Making up book titles is both the best and the worst part of book production. When you hit on one that works, that not only sounds good but also works for your book and isn’t already taken, there is no better feeling. But, as happens all too often, it just isn’t quite right.
Here is a sample page from my notebook from the attempt to find titles for all three books of The Vengeance Trilogy.
There are many more pages where this came from. This was one of the last brainstorming pages. Earlier pages were all words and there were many false starts and many many bad ideas.
There is something magical about a title. It is likely to be the first thing any prospective reader knows about your book. “Hey, have you read BLAH?” … Think it isn’t important how it sounds? Think again. Say your title. Say it in a million funny voices if you have to, anything to see if there is a problem with the way it sounds. One of my early working titles for this story in its very early stages was The Errant Pawn … bad idea. It looks ok in print, but when you say it out loud it inevitably causes a bout of sniggering.
Titles have to capture interest, yes, but they also have to signal to a reader what genre the work is in. Various ideas that showed up in my notebook sounded like the wrong genre. “The God Within Us All” sounded too spiritual. “Dig Two Graves” sounded like a crime novel. If you pick up a book called something like: “The King of Sparta’s Daughter” chances are you’re going to be reading an ancient greek romance as opposed to a blood-thirsty adventure, although either way there is likely to be a whole load of sweaty spartan warriors, because some things transcend genre.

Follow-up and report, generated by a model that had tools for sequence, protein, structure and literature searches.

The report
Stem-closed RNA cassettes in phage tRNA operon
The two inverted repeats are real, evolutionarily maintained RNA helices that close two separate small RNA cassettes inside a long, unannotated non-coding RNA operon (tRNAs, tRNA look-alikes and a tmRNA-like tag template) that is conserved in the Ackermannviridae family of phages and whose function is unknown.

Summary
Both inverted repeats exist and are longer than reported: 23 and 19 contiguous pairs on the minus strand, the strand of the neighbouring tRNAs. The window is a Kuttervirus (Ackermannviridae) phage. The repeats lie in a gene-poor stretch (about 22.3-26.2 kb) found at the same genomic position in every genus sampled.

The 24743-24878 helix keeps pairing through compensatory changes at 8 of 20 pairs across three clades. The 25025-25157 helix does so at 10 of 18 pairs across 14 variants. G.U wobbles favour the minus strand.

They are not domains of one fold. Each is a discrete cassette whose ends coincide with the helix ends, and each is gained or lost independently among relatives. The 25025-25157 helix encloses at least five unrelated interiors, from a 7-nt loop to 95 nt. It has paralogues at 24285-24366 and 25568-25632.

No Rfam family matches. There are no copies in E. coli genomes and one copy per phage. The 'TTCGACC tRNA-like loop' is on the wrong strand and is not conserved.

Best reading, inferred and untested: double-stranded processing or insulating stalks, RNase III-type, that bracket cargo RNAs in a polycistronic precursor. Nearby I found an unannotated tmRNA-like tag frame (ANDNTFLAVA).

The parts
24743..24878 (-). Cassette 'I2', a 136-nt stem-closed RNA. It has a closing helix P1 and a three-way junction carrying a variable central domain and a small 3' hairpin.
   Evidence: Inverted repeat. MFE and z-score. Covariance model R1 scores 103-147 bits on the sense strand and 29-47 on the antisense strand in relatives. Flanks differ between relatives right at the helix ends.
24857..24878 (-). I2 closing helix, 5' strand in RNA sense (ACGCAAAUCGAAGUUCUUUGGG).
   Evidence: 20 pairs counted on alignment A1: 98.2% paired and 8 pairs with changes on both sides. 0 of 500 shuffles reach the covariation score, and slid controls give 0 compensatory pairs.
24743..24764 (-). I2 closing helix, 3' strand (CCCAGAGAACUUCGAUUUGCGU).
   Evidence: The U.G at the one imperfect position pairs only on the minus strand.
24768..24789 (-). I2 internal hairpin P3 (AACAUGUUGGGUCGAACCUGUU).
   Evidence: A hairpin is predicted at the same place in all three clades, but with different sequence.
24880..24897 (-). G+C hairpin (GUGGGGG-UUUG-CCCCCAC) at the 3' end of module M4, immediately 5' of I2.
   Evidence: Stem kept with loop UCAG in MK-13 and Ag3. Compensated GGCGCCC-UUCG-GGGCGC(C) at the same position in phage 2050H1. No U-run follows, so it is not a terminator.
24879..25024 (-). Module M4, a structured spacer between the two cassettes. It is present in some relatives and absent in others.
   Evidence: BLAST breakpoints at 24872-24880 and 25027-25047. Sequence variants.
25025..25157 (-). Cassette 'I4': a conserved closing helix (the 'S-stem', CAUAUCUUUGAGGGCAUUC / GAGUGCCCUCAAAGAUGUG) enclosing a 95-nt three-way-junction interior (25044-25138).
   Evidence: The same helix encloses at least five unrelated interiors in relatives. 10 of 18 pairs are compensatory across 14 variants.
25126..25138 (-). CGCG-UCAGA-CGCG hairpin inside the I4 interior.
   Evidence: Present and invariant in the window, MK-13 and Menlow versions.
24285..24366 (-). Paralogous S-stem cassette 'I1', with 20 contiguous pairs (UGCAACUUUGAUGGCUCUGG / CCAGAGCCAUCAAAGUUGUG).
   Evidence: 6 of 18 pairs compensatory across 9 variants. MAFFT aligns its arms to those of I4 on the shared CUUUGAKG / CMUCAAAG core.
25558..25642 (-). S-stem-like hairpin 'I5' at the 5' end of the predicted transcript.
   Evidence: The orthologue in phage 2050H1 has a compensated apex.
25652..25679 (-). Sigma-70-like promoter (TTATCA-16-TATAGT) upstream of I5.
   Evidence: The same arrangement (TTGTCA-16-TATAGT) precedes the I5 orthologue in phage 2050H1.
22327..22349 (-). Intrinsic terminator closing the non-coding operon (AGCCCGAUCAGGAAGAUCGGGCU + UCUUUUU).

And as if there wasn’t enough to deal with, titles also have to steer clear of cliche and coming across as too generic. In fact, really good titles are very hard to come by. Two of my absolute favourites are “Heaven’s Net is Wide” by Lian Hearn, which has emotional connotations as well as giving you the impression lots of characters are going to die, and “Red Seas Under Red Skies” by Scott Lynch, which is just beautiful. The first book in his Gentleman Bastard Sequence, “The Lies of Locke Lamora” is also a great title, the alliteration really makes it work.
Perhaps there is a good reason why titles don’t usually fall to the author. But for those authors who have to do such things for themselves, the moment you get it right, when you wake up with the name on your lips, when it comes to you while you’re dashing about trying to get two little kids in the car, it is magical. Absolutely magical. It might yet turn out there was a better title, but when you see some of the bad titles that come out on the shelves I think it is safe to say that is true of every book ever written.
Great post, Devin! I think some authors don’t fully grasp the importance of a book title. It can either capture your imagination and drag you in, or make you bypass without a second glance. You’ve nailed, methinks!